The Australian | May 21, 2011
MORE than 10 per cent of Papua New Guinea's land mass has been handed over to foreign and national corporate interests over the past seven years under mysterious land deals that appear to be aimed at logging native forest.
Colin Filer of the Australian National University calls it a "land grab". His research shows customary land has been secured by corporate interests via lease, leaseback arrangements.
Since 2003 about 5.1 million hectares of customary land has passed into corporate control by abusing a mechanism in the PNG land law designed to allow for customary landowners to agree to so-called special agricultural and business leases.
This is twice the amount of land grabbed by corporate interests across five African countries over a comparable period, according to one international study, yet institutions such as the World Bank have largely ignored these events in PNG.
Professor Filer has shown how the Western and West Sepik provinces have lost 20 per cent of their land to these arrangements. In three other provinces the area ranges from 11 per cent to 15 per cent.
Last week Acting Prime Minister Sam Abal called for a suspension of the agreements and launched an inquiry. He said all forest clearance authorisations would be suspended until the inquiry was complete.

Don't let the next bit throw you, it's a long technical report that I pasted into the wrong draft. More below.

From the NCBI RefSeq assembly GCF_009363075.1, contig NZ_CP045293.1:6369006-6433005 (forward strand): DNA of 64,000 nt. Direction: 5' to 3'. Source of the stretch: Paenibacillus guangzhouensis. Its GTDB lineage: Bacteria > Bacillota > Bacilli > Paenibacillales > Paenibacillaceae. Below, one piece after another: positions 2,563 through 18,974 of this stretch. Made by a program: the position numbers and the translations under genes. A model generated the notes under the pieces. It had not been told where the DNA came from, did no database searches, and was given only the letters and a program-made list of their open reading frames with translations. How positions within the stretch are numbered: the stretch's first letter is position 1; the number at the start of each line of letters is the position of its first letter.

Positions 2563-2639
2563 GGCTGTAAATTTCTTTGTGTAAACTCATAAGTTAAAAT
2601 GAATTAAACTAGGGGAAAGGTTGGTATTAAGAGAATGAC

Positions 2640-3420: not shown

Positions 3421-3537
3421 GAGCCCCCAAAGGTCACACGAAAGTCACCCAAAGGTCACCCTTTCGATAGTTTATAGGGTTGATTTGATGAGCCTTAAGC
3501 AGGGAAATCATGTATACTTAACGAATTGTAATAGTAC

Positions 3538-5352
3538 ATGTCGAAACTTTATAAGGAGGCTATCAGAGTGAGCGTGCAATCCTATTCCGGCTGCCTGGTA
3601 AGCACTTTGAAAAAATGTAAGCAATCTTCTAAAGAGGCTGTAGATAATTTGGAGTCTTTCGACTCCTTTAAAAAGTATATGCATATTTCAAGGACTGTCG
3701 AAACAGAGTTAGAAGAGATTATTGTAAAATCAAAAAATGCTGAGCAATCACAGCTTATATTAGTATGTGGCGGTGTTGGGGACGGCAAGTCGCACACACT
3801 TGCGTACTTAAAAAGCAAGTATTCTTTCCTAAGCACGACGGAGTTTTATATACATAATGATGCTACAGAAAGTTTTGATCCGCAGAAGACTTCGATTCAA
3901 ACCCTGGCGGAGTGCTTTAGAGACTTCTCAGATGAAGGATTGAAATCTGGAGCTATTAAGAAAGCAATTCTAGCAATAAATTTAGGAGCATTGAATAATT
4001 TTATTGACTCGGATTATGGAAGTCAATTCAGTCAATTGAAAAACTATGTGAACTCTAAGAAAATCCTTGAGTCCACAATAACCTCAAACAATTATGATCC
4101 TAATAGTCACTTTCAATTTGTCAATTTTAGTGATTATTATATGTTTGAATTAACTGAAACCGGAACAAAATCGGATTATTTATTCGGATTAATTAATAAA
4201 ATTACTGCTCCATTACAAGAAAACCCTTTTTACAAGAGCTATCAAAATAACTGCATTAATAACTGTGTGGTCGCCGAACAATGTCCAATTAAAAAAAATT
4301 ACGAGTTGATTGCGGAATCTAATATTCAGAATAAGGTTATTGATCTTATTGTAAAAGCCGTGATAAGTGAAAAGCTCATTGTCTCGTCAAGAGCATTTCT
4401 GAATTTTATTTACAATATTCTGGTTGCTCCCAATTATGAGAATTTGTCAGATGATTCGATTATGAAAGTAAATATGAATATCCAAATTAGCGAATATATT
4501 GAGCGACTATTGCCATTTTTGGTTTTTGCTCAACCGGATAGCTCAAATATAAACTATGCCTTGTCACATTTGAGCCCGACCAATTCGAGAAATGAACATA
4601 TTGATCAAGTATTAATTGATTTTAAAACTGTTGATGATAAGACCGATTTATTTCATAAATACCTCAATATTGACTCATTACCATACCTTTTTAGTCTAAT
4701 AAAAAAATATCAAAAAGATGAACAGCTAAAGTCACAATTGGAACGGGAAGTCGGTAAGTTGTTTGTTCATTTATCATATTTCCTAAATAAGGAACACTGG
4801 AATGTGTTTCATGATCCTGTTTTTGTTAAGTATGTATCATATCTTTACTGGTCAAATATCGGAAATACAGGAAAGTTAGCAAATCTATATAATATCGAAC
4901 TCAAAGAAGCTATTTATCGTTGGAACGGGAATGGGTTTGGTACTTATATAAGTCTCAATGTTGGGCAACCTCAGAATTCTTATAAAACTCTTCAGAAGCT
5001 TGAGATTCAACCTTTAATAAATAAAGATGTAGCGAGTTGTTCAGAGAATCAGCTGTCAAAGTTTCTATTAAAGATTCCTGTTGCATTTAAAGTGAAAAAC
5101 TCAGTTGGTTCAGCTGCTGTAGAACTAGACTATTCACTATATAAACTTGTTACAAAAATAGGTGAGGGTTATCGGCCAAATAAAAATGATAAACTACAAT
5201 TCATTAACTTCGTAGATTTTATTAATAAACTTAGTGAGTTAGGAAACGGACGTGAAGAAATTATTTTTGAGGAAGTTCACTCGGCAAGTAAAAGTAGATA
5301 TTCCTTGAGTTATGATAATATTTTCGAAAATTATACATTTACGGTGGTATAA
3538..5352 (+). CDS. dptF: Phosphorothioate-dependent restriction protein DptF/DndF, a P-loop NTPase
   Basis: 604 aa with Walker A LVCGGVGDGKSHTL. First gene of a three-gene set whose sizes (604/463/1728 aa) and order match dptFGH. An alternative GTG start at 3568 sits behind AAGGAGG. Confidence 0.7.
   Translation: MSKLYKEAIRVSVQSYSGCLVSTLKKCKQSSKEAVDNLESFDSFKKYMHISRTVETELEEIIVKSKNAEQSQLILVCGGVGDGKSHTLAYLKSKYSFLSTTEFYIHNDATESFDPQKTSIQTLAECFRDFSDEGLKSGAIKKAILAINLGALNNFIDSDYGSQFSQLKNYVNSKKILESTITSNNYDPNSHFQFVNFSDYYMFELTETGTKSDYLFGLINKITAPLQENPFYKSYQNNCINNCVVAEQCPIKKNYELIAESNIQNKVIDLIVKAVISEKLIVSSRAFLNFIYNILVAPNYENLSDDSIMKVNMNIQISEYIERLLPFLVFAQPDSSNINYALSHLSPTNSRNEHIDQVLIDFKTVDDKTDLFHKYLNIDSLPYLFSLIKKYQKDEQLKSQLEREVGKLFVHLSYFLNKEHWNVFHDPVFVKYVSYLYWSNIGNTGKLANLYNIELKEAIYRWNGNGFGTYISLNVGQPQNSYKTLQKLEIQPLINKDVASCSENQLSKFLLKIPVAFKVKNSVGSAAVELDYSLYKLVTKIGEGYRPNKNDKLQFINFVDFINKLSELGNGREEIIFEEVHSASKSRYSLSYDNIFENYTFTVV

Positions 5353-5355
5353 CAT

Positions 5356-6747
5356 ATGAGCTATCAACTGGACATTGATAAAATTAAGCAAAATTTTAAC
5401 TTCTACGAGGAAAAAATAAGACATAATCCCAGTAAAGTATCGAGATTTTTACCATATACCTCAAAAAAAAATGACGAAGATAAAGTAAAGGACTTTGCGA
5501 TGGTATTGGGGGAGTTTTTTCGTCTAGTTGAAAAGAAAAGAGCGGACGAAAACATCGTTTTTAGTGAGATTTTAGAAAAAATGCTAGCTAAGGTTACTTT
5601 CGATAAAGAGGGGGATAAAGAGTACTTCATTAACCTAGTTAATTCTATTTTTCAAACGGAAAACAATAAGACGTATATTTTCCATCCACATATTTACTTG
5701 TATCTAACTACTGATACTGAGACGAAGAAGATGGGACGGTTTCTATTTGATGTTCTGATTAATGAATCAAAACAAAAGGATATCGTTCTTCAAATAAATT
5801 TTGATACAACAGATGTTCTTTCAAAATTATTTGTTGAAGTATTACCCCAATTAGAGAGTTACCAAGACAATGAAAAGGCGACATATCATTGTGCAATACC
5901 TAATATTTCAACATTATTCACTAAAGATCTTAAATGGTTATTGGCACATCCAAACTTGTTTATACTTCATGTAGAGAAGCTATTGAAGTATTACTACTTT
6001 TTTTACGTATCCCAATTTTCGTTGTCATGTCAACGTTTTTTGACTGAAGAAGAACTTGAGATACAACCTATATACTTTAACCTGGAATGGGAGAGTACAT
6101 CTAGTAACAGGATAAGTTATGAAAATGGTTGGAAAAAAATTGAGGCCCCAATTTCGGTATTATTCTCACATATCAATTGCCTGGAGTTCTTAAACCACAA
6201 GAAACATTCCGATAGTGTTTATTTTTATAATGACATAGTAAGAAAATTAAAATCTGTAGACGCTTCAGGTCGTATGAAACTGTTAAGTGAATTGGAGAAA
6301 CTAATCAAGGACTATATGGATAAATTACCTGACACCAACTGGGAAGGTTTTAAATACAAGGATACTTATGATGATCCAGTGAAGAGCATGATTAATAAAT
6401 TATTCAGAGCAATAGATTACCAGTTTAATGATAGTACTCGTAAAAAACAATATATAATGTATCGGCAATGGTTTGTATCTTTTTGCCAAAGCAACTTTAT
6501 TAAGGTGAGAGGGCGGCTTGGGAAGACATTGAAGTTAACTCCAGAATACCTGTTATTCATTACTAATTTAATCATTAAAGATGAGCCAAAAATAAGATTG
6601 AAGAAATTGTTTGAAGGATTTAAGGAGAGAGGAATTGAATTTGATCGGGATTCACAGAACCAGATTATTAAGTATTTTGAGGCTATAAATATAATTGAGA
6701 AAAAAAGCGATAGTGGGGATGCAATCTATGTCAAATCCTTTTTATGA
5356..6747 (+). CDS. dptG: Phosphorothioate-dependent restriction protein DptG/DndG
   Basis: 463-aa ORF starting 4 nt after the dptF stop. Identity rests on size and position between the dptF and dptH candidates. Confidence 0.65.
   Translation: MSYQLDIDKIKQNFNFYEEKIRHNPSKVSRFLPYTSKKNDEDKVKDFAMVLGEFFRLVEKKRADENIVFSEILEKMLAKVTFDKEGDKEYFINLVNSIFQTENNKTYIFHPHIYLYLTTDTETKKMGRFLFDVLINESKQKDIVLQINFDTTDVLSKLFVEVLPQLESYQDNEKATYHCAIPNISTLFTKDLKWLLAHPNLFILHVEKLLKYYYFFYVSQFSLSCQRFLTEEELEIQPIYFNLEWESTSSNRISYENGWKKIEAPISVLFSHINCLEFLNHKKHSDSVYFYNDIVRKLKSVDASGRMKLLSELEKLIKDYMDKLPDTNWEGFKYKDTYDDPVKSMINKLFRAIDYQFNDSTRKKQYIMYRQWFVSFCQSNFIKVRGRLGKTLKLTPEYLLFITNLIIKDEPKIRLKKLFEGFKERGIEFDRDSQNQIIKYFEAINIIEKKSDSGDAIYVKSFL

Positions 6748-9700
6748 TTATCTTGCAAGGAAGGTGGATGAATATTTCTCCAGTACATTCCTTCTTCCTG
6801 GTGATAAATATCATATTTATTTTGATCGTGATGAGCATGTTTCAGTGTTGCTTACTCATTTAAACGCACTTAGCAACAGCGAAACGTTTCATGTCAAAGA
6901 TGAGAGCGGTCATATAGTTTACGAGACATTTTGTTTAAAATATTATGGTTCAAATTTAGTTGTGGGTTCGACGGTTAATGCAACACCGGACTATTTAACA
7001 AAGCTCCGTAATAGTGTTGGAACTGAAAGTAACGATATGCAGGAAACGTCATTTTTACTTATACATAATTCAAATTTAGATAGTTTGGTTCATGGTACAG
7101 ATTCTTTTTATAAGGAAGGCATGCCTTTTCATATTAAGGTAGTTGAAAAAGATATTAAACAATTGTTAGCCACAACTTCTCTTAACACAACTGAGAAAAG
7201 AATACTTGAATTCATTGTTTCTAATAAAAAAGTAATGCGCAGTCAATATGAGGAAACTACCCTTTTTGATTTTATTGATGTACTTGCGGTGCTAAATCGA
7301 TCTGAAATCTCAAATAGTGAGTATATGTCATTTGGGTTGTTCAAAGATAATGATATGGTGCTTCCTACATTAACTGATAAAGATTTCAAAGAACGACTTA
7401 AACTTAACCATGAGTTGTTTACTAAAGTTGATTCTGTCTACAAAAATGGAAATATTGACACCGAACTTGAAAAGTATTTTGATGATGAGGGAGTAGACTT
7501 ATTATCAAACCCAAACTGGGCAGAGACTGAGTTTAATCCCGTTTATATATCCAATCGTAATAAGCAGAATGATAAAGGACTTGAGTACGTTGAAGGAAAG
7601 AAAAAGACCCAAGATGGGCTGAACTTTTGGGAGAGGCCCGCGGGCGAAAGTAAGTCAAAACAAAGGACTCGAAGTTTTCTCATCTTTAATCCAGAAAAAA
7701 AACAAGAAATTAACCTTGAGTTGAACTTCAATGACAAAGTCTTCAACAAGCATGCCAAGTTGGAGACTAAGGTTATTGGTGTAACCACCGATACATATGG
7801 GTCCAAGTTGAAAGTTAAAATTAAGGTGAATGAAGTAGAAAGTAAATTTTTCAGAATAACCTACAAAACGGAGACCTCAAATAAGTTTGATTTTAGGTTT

"The commission will investigate the grant of special purpose agriculture and business leases, covering some 5.2 million hectares of customary land, to ensure all legal requirements have been followed and that the leases are being used for the purposes intended in the legislation," Mr Abal said.
PNG's new opposition leader and former forests minister Belden Namah criticised the launch of the inquiry. The local media then revealed that a company connected to Mr Namah already held such a lease and was logging in his electorate.
Professor Filer, who has researched natural resource development in PNG for decades, said the land affected by the deals contained large areas of unlogged native forest. He doubted whether the companies behind the agreements were interested in food or cash crop production, suggesting they were more likely to be looking for "new ways to log PNG's native forests without following the rather onerous procedures imposed by PNG's forestry legislation".